I photoshopped on some fur and hat-ish shapes. Not bad. The bottom image is a bit screwy- high res fancy photo vs. grainy snapshot. But it's fun to see what a final shot might look like.

That's it; no more wet clay working. I'm gonna let the sumbitch dry out now. I'll be doing some more detailing when it's dry - sanding and whatnot. I'm not finishing that sort of work now - everytime I touch the thing, it gets scratched, junk stuck in it, etc.

The thing fell over twice, and smashed the nose up. The first time it was fine, cause I had to rework the thing anyways. But the second time was a bit counter-productive.

The thing is improving slowly. Well, not slowly at all really; i'll work for 15 minutes and then find an excuse to stop. Working on it is like holding my breath. But it ain't too bad. It's looking more and more like the character I picture in my head. I extended the chin, and worked on the mouth a little.
These here are the best pictures; some of them looked pretty D-. Thanks to my handy storyboard, I know that some of the key shots will have this head filling the frame, with lighting coming from below (Halloween style). The head definately doesn't get a passing grade from that angle with that lighting.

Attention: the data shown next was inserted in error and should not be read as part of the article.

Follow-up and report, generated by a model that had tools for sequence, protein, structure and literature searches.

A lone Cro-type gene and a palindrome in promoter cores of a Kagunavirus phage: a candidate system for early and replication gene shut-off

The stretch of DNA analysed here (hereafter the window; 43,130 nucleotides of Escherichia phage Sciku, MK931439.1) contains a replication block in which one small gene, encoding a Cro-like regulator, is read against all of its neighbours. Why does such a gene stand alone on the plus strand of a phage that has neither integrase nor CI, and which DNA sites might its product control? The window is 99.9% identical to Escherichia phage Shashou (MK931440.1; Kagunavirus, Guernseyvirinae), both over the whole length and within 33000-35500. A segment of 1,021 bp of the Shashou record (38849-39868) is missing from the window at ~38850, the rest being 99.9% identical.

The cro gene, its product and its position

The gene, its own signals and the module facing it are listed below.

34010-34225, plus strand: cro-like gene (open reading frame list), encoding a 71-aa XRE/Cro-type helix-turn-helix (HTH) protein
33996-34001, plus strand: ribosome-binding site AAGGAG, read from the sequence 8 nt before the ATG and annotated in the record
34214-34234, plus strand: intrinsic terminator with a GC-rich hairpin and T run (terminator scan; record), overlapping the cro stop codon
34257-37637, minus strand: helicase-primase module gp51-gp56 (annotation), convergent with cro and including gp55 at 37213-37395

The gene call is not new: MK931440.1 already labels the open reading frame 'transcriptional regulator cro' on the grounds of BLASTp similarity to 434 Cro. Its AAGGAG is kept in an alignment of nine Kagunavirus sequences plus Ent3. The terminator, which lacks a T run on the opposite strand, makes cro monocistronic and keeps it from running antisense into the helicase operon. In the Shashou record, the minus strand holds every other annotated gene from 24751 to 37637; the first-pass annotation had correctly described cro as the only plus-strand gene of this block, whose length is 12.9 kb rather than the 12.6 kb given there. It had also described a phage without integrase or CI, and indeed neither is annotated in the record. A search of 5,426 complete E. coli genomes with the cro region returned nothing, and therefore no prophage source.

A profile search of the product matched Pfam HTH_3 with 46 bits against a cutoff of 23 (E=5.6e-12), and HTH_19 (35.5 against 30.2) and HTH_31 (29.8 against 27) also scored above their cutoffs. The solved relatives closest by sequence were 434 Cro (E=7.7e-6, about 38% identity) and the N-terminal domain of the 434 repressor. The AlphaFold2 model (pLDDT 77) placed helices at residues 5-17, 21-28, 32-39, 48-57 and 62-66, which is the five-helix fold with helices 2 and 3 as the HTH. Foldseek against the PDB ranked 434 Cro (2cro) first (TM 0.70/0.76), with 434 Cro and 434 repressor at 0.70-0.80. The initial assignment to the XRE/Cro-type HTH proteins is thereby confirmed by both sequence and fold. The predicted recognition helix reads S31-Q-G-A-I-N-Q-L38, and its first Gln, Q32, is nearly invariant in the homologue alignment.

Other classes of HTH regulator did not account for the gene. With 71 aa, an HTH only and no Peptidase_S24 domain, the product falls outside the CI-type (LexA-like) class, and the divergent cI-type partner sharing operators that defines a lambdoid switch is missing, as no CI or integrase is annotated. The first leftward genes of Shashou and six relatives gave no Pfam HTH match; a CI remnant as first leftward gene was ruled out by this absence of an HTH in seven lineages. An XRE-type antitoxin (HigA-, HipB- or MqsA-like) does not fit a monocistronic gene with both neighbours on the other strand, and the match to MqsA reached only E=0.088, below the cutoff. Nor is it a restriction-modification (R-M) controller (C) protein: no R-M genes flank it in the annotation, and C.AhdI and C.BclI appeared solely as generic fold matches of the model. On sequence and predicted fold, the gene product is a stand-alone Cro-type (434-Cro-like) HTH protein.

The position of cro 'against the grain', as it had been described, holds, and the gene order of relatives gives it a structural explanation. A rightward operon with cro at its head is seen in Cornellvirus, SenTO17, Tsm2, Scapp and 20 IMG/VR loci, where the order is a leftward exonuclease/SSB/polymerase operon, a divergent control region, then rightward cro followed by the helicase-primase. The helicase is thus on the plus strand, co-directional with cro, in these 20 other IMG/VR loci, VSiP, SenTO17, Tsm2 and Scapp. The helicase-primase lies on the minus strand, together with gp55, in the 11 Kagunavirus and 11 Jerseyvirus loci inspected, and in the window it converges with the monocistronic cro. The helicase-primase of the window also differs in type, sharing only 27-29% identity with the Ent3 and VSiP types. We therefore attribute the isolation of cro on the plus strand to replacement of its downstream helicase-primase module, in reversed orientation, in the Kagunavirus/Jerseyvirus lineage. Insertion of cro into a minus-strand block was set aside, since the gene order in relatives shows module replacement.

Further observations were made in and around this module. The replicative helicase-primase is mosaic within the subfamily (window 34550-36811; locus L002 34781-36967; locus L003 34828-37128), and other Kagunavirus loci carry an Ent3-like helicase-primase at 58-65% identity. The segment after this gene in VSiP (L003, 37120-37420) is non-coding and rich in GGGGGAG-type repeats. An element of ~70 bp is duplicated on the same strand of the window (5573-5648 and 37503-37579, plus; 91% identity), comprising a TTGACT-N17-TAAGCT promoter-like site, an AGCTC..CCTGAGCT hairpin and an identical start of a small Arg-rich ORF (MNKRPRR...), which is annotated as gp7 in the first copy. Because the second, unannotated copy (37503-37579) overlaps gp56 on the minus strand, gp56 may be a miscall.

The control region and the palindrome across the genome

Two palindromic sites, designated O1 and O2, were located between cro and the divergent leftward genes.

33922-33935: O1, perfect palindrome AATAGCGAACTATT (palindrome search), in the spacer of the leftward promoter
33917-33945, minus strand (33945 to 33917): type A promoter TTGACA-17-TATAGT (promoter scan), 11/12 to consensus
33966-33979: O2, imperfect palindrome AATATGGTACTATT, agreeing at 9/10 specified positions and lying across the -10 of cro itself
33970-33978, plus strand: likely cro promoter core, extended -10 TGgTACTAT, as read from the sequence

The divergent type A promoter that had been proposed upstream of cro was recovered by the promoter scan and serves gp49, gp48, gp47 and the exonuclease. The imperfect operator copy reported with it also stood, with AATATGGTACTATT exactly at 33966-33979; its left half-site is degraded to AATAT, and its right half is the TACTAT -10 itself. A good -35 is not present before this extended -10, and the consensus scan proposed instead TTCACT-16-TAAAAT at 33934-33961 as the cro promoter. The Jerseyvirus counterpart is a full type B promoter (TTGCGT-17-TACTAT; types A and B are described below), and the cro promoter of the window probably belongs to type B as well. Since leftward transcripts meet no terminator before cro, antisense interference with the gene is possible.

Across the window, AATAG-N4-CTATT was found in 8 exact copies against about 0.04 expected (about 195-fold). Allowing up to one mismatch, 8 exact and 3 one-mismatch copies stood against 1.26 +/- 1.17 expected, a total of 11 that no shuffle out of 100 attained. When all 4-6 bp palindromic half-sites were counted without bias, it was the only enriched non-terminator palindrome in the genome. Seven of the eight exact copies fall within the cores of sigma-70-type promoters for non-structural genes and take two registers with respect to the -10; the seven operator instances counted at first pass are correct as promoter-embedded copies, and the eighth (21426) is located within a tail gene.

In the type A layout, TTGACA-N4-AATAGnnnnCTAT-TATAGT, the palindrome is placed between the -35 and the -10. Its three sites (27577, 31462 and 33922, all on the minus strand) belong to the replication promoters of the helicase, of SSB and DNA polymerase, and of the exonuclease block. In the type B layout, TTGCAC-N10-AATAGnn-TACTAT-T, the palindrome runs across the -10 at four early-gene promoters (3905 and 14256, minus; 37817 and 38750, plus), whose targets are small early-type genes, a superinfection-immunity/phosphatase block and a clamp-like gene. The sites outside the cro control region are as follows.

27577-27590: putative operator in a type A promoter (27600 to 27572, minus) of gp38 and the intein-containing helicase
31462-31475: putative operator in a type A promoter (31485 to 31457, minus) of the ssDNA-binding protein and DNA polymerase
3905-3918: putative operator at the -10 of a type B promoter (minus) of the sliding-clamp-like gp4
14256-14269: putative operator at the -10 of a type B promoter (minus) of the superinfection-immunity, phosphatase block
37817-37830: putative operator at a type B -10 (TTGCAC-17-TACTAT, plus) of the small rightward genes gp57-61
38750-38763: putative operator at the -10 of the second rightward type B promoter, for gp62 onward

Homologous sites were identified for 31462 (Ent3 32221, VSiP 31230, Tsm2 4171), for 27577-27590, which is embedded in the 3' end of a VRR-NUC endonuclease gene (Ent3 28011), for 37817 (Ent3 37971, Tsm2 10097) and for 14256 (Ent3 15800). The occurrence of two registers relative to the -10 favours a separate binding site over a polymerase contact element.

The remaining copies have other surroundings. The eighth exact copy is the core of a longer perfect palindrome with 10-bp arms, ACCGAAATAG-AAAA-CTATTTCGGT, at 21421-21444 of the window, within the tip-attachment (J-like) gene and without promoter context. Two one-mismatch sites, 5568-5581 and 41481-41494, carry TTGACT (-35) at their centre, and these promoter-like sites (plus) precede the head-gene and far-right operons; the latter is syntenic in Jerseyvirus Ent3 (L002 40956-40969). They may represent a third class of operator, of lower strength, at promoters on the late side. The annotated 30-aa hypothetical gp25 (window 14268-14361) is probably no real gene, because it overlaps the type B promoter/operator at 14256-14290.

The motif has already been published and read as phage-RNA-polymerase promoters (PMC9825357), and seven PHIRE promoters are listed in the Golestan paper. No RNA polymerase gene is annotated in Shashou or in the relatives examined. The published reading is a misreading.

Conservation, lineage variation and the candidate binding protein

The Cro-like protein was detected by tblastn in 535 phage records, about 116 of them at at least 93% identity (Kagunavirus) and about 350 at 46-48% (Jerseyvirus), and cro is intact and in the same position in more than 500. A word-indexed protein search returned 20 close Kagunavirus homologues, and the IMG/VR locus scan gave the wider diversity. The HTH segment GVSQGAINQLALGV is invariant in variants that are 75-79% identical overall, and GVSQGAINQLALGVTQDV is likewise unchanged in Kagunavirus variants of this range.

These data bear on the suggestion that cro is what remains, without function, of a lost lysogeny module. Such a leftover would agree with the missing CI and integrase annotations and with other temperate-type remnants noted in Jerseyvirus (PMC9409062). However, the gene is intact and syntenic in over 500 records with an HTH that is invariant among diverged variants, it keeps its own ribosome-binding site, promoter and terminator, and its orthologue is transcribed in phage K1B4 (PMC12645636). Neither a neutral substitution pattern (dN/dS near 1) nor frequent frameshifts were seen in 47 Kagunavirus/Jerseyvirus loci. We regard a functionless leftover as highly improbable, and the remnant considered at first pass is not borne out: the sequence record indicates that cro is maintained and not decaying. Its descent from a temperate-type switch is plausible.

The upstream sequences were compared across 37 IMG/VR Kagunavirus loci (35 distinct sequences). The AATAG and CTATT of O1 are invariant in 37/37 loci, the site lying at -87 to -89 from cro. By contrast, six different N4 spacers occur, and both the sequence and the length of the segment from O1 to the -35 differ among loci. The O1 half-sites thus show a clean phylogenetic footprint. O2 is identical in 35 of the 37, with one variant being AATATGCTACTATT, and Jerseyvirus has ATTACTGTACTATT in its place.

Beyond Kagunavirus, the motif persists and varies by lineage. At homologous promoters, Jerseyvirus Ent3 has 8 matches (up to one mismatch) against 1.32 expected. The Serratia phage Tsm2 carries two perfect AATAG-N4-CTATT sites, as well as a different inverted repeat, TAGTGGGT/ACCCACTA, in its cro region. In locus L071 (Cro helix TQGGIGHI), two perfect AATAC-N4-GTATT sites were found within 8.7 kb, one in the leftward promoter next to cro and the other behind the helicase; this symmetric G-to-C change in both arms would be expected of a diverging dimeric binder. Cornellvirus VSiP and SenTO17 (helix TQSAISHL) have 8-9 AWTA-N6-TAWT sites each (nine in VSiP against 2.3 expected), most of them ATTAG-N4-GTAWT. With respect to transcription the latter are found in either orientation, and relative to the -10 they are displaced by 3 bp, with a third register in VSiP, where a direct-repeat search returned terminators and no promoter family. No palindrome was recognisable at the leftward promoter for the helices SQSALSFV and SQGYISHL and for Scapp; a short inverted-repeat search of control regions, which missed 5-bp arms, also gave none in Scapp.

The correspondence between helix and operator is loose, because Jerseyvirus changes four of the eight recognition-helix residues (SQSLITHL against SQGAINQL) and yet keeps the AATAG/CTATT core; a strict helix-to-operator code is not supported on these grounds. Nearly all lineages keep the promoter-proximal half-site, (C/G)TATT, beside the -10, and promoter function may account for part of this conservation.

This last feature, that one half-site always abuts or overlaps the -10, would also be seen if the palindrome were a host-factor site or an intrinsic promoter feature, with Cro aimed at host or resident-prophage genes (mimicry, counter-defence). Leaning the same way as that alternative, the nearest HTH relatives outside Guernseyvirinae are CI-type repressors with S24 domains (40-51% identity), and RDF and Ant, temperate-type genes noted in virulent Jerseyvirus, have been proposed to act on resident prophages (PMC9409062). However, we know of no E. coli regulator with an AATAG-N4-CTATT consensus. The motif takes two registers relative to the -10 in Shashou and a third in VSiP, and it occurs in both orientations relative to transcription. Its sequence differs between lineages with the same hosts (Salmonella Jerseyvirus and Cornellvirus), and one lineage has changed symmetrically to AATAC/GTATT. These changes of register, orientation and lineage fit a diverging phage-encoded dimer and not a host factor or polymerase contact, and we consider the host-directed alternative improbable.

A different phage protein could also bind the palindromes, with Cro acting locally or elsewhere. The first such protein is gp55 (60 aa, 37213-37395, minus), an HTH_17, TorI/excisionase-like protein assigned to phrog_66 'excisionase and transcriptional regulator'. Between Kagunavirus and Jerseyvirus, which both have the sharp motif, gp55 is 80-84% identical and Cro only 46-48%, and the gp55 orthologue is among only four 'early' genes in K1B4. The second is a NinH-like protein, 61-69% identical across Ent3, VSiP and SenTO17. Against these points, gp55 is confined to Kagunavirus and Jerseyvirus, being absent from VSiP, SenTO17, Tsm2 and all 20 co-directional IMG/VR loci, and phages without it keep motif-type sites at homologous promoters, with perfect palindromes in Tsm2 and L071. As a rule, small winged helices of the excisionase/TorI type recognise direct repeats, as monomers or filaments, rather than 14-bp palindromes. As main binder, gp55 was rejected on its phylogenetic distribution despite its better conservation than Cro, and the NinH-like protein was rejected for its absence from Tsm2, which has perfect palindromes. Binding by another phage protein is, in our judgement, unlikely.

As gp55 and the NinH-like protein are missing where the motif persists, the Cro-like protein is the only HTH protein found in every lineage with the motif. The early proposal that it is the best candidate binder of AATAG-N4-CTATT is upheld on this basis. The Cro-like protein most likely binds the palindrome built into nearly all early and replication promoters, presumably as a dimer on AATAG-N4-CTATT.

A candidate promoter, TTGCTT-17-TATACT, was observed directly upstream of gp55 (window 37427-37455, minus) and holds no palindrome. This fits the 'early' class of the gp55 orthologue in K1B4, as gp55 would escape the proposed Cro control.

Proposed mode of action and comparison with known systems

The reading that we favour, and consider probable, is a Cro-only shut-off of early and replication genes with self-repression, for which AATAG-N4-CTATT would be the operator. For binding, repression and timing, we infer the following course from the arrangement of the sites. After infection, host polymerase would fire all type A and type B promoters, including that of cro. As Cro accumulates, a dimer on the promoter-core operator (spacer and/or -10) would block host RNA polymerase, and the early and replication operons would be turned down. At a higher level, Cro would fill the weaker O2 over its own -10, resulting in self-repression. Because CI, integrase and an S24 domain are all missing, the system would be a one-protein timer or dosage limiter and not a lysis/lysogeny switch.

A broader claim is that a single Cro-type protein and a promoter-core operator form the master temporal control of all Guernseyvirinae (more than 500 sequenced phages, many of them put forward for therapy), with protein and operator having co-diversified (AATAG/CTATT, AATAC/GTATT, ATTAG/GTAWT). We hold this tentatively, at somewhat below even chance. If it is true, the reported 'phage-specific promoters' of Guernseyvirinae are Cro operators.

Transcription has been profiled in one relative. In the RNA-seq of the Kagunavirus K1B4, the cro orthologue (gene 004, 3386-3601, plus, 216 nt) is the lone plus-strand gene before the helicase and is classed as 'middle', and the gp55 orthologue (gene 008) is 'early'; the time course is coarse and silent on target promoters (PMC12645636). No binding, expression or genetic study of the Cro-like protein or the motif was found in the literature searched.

He's also looking a little too well-fed. Going to make him a little more wiry looking.
Ears are going to be attached after the fact; they'll probably screw up my casting if I do them now. And I can hide the joins with hair.

Sunday, November 02, 2008

One thing I have to watch out for; HDR (high dynamic range) photography will take a pretty smooth, even looking surface, and make it look textured as hell. So Cornelisz's face might end up looking like tree bark if I don't watch out. That may be desirable, but I still should have control over the thing. No excuses. None of that doing random stuff and then saying 'oooh, it looks arty' bullshit.